Archive for the ‘Starlight Mints’ Category


This is the fourth disc from the Starlight Mints.  Their music is hard to describe at any time, but this disc complicates things even further.

The number of genres they cram into this disc is impossible to count.  However, there seems to be a very heavy concentration of a sort of punk/disco feel.  The disco beats (and telltale bass lines) are very strong yet the noisy guitar and instrumentation removes the disco sheen.

And that overall sense sums up the disc fairly well.  It’s got this poppy aspect to it, but there’s a sinister undercurrent.  In my review of their earlier discs, I described them a having a Pixies influence.  And while that’s still true (the sinister part (and the vocals definitely sound like Black Francis)) their sound has evolved away from a grungy rock into a more keyboardy feel.

The opener is a short instrumental that sounds like a cartoony James Bond theme.  The next few tracks have a good 90s alt rock feel (although “Zoomba” mixes it up with some jazzy horns).   But it’s the second half of the disc where the disco sounds really come to the fore.

And, lyrically, the band is all over the place.  It’s always fun to see what’s coming around the corner (as when the rocking “gallop along” comes out of an otherwise mellow dancey track).   Starlight Mints are definitely not trying to sell billions of records, but they are no doubt building a delightful niche fan base. And I’m one of them.

[READ: Week of January 18, 2010] 2666 [pg 1-51]

And so begins the Infinite Summer-like reading of 2666.  I don’t know if this reading group has a catchy title yet (I can’t even think of a jokey one right now), so for now, 2666 it is.

I don’t really know what I’m in for with this book.  And as such, I’m not entirely sure what thee posts are going to turn into.  Unlike with Infinite Jest, which was confusing from the get-go, this novel starts out in a rather straightforward manner.  So, I think for the foreseeable future I’ll do some plot summary and comments.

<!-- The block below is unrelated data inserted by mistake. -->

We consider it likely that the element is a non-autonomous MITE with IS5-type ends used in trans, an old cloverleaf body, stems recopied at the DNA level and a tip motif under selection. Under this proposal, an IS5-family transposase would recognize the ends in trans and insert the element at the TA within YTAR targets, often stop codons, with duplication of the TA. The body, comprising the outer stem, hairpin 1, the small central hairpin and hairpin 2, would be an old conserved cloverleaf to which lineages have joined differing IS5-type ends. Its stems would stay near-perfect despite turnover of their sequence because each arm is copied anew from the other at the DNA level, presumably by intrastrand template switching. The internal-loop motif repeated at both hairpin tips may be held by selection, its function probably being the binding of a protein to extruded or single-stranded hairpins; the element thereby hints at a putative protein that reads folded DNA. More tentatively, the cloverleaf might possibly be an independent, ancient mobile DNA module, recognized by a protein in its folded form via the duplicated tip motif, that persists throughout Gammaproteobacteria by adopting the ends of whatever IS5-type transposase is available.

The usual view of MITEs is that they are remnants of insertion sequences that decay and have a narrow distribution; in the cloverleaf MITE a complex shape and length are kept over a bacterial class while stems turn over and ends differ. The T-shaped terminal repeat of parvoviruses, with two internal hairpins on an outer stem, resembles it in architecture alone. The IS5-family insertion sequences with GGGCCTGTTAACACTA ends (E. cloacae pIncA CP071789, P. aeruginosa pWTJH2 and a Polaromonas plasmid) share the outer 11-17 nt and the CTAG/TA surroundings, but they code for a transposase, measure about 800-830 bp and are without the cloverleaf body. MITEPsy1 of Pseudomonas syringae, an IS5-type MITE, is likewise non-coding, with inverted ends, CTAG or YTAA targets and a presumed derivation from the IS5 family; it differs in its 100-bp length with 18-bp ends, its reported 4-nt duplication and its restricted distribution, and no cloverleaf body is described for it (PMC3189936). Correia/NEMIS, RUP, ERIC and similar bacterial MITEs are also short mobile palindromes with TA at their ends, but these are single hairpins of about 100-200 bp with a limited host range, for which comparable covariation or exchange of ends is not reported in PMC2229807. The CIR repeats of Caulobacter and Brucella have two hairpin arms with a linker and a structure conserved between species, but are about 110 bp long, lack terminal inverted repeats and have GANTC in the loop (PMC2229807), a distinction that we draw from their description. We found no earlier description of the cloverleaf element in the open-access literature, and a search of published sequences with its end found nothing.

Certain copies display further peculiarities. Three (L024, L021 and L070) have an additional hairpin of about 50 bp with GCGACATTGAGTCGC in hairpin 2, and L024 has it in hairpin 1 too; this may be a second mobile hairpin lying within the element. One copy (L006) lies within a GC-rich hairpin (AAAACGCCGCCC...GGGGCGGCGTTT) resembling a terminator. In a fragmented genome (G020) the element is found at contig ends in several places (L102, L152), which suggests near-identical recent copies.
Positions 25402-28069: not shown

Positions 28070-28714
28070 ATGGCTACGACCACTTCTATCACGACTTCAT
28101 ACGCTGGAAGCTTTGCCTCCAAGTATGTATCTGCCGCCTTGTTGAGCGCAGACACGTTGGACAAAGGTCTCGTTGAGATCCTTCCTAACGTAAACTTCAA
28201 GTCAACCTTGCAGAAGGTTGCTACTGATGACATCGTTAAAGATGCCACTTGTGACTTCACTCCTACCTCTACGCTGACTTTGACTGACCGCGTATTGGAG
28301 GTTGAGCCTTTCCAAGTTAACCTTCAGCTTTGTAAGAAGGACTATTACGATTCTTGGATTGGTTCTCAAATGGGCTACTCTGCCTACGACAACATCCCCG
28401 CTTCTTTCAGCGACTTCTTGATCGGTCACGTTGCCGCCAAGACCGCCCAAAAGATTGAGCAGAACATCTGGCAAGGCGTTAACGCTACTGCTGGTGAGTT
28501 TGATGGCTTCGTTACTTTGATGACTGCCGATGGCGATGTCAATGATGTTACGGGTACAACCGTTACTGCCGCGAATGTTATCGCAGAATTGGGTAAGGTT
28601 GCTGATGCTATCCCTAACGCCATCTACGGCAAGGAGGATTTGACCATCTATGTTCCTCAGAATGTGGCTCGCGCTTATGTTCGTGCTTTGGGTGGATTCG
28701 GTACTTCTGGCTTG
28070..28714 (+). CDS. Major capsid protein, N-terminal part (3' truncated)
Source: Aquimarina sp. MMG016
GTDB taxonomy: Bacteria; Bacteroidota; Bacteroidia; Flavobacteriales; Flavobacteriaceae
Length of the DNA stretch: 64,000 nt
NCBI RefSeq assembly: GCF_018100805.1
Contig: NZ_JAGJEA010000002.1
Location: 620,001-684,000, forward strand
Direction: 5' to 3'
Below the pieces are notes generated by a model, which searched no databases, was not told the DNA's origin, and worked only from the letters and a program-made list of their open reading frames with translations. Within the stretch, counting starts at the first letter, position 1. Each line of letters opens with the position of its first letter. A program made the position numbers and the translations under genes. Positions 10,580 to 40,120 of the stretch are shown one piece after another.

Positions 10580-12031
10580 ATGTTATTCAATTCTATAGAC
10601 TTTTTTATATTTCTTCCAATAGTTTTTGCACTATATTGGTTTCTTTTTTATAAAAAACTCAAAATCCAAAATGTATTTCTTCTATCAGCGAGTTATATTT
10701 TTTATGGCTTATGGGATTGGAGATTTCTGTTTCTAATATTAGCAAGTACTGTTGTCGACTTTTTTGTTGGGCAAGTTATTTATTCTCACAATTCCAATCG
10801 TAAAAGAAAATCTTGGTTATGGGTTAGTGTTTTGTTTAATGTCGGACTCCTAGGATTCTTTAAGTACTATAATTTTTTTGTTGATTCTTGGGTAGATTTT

2666 is divided into 5 books (which were originally supposed to be published independently).  The first book is 161 pages and is called The Part About the Critics.

I had no idea what this book was about.  I’d heard it was a great, difficult read, and that was enough for me.  I like to go into books fairly blindly, so that’s nothing unusual.  The back cover blurb says that it centers around Santa Teresea, which I suspect has something to do with Juarez, Mexico.  So, okay, I get the idea that we’re in for a harrowing tale about murdered women in Mexico.

So, imagine my surprise when the book opens with fifty-plus pages about 4 scholars of a little-known German writer.  And imagine my further surprise when the language of the book is fairly easy to read. (more…)

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SOUNDTRACK: STARLIGHT MINTS-Built on Squares (2003).

The Pixies were a weird band….  They wrote fantastically catchy alterna-rock, and yet, deep down, they were pretty weird, with shouty parts and quiet parts and bizarro lyrics about slicing up eyeballs and monkeys going to heaven.  Well, imagine if their music was REALLY weird, going beyond guitar/bass/drums to incorporate cellos, triangles and samples.  That approximates the Starlight Mints.  I first heard them on a sampler.  Their track “Submarine #3” blew me away.  It was under 2 minutes long and was weird and wonderful.  I can’t recommend that song highly enough.  Their debut album was solidly weird too.

This is the follow up, several years in the making.  And, all the parts are in place. The orchestration is a bit bigger, and yet it is still a somewhat unsettling listen.  Just as you think you get the pace of a song, they’ll throw in an unusual cello riff, or some unexpected sample.  This is not to say that the songs aren’t catchy, you just have to listen carefully for the catchiness.  And, since the songs are all under 3 minutes or so, you have to listen quickly.

I mentioned the Pixies because the second half of the album (and most of their first one) really sounds like a Pixies record.  In fact, there are parts of the songs (surf guitar, sparse solos, and Alan Vest’s voice which at times is an uncanny match for Black Francis’) might make you think you found a long lost Pixies track.  Then, of course, they throw in a trumpet, and you say, nope, not the Pixies.  So, if you like the Pixies, but wish they were just a bit more odd, definitely check out the CDs by these guys.

They released one other album after this one.  I’ve no idea what they’re up to now.  They have a MySpace page, but there’s not much on it except for a couple of songs.

[READ: June 2008] The Tunnel

I bought this book when it came out way back in 1995.  (more…)

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